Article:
original data and image context.

In this project we implement several widely used algorithms that consolidate data
by clustering and segment image by regions, Greedy, K-means, Continuous K-means,
and then present two new methods, developed by the author, BPC and Octree. We also
provide a comparative analysis of the algorithms performance.

4. Description of the clustering algorithms

4.1 Bits Per Colour resolution algorithm (BPC), due to the author

Given S a set of N discrete points in 3D (RGB pixels of the image, 8 bits per colour,
24 bits per pixel), the procedure divides pixels into clusters by reducing, for
the divisive version, or increasing, for the agglomerative version, each colour
resolution by one at a step.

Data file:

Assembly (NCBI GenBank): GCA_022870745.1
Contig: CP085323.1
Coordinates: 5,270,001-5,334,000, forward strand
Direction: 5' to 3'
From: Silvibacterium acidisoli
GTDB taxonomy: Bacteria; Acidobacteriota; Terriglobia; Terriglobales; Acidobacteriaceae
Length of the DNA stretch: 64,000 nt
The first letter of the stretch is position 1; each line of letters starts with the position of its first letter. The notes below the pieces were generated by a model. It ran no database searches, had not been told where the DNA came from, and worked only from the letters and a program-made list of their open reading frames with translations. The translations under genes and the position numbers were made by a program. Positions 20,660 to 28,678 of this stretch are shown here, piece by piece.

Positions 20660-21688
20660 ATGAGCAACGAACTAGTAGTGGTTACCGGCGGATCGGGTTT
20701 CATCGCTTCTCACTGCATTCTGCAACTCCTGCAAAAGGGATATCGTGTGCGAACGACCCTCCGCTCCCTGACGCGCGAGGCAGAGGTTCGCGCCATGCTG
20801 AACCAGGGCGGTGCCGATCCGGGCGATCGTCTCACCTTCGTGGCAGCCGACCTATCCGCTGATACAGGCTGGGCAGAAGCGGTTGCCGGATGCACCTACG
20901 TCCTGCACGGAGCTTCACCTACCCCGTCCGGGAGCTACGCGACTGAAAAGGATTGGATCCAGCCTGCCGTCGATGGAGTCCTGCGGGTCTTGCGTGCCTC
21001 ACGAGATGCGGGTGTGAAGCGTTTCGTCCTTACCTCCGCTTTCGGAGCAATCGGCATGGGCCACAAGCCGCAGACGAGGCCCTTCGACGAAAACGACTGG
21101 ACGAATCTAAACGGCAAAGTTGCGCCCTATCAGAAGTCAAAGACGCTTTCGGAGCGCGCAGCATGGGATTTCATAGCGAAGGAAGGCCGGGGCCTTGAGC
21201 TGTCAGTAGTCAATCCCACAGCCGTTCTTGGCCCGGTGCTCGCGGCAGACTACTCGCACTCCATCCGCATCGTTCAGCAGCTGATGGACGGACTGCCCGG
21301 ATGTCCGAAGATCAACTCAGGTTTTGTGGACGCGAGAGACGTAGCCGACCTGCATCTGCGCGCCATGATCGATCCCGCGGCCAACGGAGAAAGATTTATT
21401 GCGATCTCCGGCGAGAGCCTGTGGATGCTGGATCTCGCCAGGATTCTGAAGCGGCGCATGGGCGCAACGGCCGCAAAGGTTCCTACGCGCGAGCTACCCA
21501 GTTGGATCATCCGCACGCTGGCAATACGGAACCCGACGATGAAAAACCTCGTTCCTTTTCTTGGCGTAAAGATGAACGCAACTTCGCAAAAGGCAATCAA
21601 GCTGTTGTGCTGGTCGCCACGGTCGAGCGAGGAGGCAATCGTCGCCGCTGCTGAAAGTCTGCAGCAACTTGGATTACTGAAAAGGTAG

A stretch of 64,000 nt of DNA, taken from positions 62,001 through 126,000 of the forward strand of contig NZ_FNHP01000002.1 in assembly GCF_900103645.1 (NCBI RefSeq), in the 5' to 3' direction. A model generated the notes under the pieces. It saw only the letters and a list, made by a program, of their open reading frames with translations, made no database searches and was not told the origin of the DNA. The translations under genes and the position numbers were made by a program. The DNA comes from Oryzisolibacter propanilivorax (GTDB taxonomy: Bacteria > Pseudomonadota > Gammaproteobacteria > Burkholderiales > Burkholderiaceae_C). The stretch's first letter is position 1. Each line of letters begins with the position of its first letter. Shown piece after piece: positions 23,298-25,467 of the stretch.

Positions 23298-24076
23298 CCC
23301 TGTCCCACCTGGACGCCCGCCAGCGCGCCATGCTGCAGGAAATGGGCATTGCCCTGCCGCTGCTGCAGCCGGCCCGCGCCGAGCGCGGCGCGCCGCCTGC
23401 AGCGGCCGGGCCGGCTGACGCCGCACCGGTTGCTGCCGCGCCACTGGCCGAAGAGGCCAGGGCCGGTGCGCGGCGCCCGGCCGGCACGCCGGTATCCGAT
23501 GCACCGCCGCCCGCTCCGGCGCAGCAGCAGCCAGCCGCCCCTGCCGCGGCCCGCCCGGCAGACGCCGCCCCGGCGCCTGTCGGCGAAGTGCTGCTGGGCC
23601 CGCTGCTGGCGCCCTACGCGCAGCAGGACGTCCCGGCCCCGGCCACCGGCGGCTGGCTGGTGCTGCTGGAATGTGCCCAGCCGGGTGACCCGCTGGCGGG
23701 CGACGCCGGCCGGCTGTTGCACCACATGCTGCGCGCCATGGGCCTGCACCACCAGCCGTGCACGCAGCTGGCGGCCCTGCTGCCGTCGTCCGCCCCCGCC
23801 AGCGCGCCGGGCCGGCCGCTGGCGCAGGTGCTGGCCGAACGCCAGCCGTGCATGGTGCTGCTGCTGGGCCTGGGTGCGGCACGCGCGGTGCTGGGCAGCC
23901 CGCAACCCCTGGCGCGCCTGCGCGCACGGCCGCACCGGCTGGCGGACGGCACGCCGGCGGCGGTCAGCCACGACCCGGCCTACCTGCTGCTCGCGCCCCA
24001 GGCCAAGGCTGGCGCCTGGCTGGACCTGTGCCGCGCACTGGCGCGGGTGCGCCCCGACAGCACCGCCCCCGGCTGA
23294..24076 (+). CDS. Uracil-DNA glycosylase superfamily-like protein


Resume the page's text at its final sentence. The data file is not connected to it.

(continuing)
The geometrical interpretation of the algorithm is as follows:

Agglomerative version

- 0 bits per colour (bpc), all pixels are in one cluster and are of the same colour
which is represented by a single point in the center of the RGB cube

- 1 bpc, now we have 2*2*2 = 8 possible clusters (colours), what can be interpreted
as splitting the RGB cube into 8 sub-cubes (each dimension is divided into two equal
parts). The original RGB pixels are scaled into the obtained model. The number of
output clusters is dependent on the initial distribution of pixels. The colour of
a cluster is determined by the center of the sub-cube that represents a particular
cluster. The colour of a pixel is determined by a sub-cube into which it has been
scaled.

- 2 bpc, now we have 4*4*4 = 64 possible clusters (colours), what can be interpreted
as splitting the RGB cube into 64 sub-cubes (each dimension is divided into four
equal parts). The original RGB pixels are scaled into the obtained model. The number
of output clusters is dependent on the initial distribution of pixels. The colour
of a cluster is determined by the center of the sub-cube that represents a particular
cluster. The colour of a pixel is determined by a sub-cube into which it has been